Investors generally consider stock buybacks an effective tool for enhancing shareholder value because they reduce outstanding shares, increasing the ownership percentage of existing stockholders. That's great in theory, but as Rich Smith points out in his Symantec
Here's the repurchase breakdown: 234 million shares repurchased for the benefit of stockholders and 237 million shares handed over to employees for a $10.41 loss per share -- a total transfer of $2.5 billion in shareholder wealth to employees. Whatever euphemistic spin management uses to describe this redistribution, it's still a lot of money. Not to mention other issues the company is dealing with related to stock options.
I call attention to Intel only as an example, and don't think for a moment it's the only company that does this. For instance, in 2003 alone, Cisco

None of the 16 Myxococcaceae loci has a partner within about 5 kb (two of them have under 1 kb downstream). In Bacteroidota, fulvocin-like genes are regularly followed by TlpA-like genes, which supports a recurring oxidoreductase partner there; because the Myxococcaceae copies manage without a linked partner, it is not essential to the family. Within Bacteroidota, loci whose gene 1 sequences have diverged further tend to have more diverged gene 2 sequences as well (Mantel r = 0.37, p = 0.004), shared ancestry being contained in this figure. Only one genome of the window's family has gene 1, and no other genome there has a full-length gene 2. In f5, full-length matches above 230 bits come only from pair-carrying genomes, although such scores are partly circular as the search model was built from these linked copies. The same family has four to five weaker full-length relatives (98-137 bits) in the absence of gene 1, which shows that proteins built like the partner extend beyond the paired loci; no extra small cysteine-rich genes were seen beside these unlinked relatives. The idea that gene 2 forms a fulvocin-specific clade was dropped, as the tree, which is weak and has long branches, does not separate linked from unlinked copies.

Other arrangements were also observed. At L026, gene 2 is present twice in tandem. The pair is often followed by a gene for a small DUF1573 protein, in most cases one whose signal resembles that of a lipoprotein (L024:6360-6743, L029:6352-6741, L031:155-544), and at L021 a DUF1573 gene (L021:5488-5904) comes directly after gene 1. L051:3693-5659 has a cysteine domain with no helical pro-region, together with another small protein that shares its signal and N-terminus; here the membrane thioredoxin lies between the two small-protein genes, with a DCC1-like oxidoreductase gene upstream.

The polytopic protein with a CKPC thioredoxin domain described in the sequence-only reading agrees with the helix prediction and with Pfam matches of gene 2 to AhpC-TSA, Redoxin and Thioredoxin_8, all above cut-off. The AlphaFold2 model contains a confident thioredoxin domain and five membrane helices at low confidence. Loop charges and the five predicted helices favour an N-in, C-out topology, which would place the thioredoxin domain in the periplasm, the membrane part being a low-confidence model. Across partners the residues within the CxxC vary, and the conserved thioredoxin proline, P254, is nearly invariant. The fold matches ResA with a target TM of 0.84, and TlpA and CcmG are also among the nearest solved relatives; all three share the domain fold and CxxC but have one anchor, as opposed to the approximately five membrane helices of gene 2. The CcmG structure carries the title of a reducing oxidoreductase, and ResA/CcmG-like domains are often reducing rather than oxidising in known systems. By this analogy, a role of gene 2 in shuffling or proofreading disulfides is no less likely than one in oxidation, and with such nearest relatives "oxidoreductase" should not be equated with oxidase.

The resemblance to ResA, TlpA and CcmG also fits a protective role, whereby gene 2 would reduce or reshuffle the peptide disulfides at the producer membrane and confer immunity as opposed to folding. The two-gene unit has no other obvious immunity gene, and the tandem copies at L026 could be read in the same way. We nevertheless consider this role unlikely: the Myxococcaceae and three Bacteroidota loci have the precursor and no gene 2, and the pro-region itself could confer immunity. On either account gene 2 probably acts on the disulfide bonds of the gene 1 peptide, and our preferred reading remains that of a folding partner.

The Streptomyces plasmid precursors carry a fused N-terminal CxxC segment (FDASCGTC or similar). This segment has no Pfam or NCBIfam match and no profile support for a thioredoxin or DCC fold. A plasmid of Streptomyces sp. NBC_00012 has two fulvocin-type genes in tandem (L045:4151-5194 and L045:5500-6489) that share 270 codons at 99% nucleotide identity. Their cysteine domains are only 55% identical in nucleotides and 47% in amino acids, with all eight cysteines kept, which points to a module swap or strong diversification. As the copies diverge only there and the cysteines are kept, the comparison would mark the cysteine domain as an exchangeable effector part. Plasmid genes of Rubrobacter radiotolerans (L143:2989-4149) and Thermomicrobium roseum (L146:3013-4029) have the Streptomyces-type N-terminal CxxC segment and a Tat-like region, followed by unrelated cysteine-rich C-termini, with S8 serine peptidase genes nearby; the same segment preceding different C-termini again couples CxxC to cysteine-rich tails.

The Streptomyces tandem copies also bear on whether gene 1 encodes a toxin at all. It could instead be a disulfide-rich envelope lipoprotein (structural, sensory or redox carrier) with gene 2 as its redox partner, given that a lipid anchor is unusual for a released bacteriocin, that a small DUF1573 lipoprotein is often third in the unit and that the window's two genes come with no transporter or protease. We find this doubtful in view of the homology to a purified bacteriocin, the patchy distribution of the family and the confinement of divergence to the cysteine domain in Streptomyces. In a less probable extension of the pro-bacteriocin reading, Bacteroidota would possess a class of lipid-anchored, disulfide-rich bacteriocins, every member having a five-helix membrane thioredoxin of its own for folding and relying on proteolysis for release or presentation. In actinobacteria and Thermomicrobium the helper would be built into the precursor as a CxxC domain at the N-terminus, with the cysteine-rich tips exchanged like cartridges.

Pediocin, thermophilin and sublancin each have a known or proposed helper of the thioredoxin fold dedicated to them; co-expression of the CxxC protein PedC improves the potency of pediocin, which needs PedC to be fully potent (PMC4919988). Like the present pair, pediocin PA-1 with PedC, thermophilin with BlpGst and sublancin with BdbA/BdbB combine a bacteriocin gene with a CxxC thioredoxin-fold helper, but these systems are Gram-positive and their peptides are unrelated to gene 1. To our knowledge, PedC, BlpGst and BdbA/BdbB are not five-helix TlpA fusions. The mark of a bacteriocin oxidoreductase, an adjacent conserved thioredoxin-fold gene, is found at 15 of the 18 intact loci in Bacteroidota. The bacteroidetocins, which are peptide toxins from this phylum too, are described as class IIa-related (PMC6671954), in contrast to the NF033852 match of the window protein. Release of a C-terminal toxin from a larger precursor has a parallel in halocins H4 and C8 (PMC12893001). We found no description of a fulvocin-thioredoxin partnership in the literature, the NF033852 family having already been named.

Investors shouldn't be deluded by claims of enhancing shareholder value through stock buybacks. The use of shareholder funds to stem stock option dilution is a real cost, one that can't be found in earnings, operating cash flow, or even free cash flow. So the next time one of your companies proclaims its love of shareholders by announcing a buyback, be skeptical, because if deceptively shifting money from owners to employees enhances shareholder value, you have to wonder what destroying it looks like.
Fool contributor Chris Mallon gets burned up when he sees management waste shareholder dollars. He owns shares of Harley-Davidson through his private investment partnership.